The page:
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Lisa Turner Headshot

How Do You Do Food?

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We expect a lot from food. We want it to help us lose weight, lower cholesterol and live longer. We want it to make us lean, sexy and strong. We want it to taste really good. And on top of all that, we want food to make us feel good, to comfort us when we're sad, soothe us when we're anxious, indulge us when we're deprived and make us happy when we're not.

Of course, food isn't supposed to do all that; at its most basic level, it's fuel. That's how animals use it: They eat for sustenance, to keep their hearts beating, their lungs breathing and their limbs moving. But we humans have egos and emotions around eating, and we have stories about food that lend a more complex meaning to the simple act of sustenance.

Changing your relationship with food can be a tricky task; our perceptions of what food is, does and means are formed at a very early age. If you grew up as a member of the clean plate club, or with parents who rewarded you with treats, scolded you for eating certain foods or closely monitored your weight, your current relationship with food can't help but be skewed. Some of the more common pitfalls:

Eating to cope. When we use food to soothe our loneliness, provide comfort, relieve stress or meet any need other than physical hunger, we're eating to cope. We're using food as a distraction to carry us out of troubling or painful emotions. It's common, but it doesn't work; in one 2008 study, participants who ate in response to their emotions were 13 times more likely to be overweight than those who reported the least emotional eating.

The first step in halting coping eating is to pay attention to what's really going on when you have the urge to munch. Every time you head to the kitchen when you're worried, angry or stressed, stop. Take a moment, and use that gotta-eat-now impulse as an opportunity to connect to yourself and respond appropriate to your emotional needs. Ask yourself, "Am I really hungry for food?" Maybe you need to feed a different kind of hunger -- for comfort, relaxation or relief from anxiety.

Using food as a reward. If your parents rewarded you with food for good behavior, it's likely you'll do the same as a grown-up. But using food as a reward is a confusing message for the brain and body: If cheesecake is off-limits, why does accomplishing a certain task remove it from the list of forbidden foods? What have you done that's created a situation where you can now eat cheesecake? And why do you have to "earn" it in the first place?

It also depends on what rewarding yourself with food looks like. There's a big difference between getting dressed up and taking yourself out to dinner as a celebration of your success and buying a frozen cheesecake and eating the whole thing alone in front of the TV. Find other ways to reward yourself. Book a massage, have dinner with a beloved friend, go to an afternoon matinee, sleep an hour longer, take a day off. All of these offer the kind of reward that includes down time, stress relief and non-food indulgence.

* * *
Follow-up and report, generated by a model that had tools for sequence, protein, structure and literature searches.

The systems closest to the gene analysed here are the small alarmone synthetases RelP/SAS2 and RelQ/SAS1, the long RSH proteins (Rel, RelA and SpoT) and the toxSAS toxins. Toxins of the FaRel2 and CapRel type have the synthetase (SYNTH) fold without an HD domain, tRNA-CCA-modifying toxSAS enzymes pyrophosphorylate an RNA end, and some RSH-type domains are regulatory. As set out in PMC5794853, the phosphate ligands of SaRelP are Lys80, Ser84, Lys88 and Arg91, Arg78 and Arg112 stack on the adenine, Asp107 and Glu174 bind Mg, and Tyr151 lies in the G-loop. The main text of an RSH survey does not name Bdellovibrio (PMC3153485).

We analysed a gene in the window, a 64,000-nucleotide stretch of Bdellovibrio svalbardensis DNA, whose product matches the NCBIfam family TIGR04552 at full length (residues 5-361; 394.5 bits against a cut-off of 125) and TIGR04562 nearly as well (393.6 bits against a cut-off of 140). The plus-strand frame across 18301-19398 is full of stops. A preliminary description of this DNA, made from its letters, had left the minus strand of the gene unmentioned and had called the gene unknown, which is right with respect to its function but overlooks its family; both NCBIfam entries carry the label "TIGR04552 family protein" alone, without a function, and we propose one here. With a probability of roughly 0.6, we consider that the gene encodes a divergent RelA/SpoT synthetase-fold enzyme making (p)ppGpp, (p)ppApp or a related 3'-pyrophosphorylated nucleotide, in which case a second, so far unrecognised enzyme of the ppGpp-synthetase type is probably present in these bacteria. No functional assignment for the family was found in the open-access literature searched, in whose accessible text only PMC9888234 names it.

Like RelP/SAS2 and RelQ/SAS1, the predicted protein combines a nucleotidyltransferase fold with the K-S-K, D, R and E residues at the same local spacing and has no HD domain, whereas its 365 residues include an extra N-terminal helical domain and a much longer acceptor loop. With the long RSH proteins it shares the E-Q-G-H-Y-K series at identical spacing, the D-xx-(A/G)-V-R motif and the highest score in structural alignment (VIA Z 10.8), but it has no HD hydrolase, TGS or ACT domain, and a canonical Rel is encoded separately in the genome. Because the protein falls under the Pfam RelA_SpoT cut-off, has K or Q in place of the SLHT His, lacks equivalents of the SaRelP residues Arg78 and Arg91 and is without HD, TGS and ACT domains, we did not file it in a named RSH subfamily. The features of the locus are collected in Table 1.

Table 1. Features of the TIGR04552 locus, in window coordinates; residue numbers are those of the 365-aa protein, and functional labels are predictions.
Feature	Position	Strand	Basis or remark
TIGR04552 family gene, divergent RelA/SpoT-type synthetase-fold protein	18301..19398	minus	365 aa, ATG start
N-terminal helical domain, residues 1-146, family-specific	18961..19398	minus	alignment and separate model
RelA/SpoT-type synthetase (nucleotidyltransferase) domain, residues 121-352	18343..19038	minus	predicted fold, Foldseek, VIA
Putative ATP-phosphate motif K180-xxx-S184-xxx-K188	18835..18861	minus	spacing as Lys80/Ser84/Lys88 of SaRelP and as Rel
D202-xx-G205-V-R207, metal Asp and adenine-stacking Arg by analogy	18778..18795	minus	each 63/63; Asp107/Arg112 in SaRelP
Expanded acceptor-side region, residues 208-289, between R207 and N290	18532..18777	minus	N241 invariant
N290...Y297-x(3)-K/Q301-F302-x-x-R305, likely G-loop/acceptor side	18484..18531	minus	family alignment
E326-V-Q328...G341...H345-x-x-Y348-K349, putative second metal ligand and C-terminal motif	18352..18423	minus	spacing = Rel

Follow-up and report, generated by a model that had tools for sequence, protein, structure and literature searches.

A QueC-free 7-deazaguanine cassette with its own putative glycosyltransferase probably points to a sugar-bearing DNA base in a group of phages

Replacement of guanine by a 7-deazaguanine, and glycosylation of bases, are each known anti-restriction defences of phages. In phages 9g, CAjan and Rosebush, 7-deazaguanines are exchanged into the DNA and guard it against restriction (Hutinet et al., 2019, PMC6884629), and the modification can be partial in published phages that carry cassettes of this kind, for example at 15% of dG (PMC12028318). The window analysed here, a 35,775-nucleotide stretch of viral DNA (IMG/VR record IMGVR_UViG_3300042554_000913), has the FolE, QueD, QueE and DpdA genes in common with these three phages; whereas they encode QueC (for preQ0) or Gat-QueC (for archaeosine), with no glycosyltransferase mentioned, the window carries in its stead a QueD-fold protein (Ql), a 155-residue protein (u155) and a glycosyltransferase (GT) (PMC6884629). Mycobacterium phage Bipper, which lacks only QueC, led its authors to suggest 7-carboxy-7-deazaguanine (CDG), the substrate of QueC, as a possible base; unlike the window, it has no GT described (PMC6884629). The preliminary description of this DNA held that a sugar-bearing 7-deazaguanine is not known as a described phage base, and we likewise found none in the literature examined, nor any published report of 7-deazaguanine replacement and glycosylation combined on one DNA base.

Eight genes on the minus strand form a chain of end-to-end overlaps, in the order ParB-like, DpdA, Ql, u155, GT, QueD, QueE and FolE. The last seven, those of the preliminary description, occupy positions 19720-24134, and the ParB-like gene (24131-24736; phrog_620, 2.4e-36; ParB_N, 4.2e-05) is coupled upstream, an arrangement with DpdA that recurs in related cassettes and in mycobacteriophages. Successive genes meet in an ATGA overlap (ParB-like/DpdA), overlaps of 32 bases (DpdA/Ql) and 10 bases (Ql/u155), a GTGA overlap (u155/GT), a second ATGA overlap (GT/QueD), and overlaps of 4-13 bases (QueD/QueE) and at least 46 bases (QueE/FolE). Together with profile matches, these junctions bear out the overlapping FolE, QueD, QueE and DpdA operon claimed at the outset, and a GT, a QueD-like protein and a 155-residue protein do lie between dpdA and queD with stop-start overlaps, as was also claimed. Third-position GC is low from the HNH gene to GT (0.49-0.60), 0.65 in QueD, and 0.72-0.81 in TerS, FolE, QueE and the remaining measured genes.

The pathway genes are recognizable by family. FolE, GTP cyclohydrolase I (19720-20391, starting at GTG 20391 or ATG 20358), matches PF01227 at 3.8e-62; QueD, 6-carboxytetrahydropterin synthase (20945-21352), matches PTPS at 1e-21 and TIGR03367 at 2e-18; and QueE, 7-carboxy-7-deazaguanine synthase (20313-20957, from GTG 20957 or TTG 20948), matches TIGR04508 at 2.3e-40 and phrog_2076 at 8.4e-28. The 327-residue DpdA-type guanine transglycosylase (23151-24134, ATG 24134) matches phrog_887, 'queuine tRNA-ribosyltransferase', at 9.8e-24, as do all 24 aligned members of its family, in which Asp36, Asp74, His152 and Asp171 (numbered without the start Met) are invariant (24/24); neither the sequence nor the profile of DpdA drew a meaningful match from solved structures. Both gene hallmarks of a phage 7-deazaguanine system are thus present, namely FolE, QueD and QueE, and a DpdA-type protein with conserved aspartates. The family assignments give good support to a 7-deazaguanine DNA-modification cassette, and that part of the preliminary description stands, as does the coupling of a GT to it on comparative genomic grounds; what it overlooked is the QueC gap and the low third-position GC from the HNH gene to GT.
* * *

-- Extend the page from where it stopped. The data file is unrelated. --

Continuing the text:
Chronic dieting. Characterized by calorie counting, rigid rules around food intake and obsessive attention to portion size, chronic dieting takes you out of the physical experience of hunger and into the mind. If you're on a diet, when you've reached a certain number of calories or specific amount of food, you stop eating -- even if you're still hungry. (The reverse is also true: If you're eating according to calories, not hunger, you may think "Oh, good, I've only had 800 calories today, so I can splurge on a milkshake" -- even if you're not hungry.)

Inherent in the act of dieting is the idea that we're "good" or "bad" depending on what we eat. That sets up an adversarial relationship with food and heaps unnecessary and inappropriate judgement on ourselves. You are not a "good" or "bad" person because you had the extra-large French fries; you are "good" or "bad" based on how honest and kind you are, how much love you spread in the world.

Mindless or binge eating. Munching lunch in the car, eating at the computer or in front of the television, standing in front of the refrigerator and nibbling out of containers. All of these are forms of mindless eating. Binge eating is a more extreme form, with a few notable differences: Binge eating almost always has a frenetic quality to it, and it almost always involves "forbidden" foods. No one binges on kale salads or steamed fish.

The first way to approach binge eating is to be present with your food. Every time you eat, put the food on a plate, put the plate on a table, and sit down -- even if it's a spoonful of ice cream or "just a bite" of last night's leftover. Drawing attention to the act of eating makes it register in the brain and body in a way that it doesn't when you're eating mindlessly.

According to most studies, the bottom line for improving your relationship with food -- no matter what the pattern -- is to eat when you're hungry, stop when you're no longer hungry, choose whole foods rather than processed foods and allow yourself "forbidden foods" so you don't end up feeling deprived. Most important, develop a healthy relationship with your body. Take the act of eating out of the mind and back to the belly, and trust the wisdom of your body to know when, what and how much to eat.

For more by Lisa Turner, click here.

For more on mindfulness, click here.

Around the Web

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The Center for Mindful Eating

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Eating Mindfully | Psychology Today

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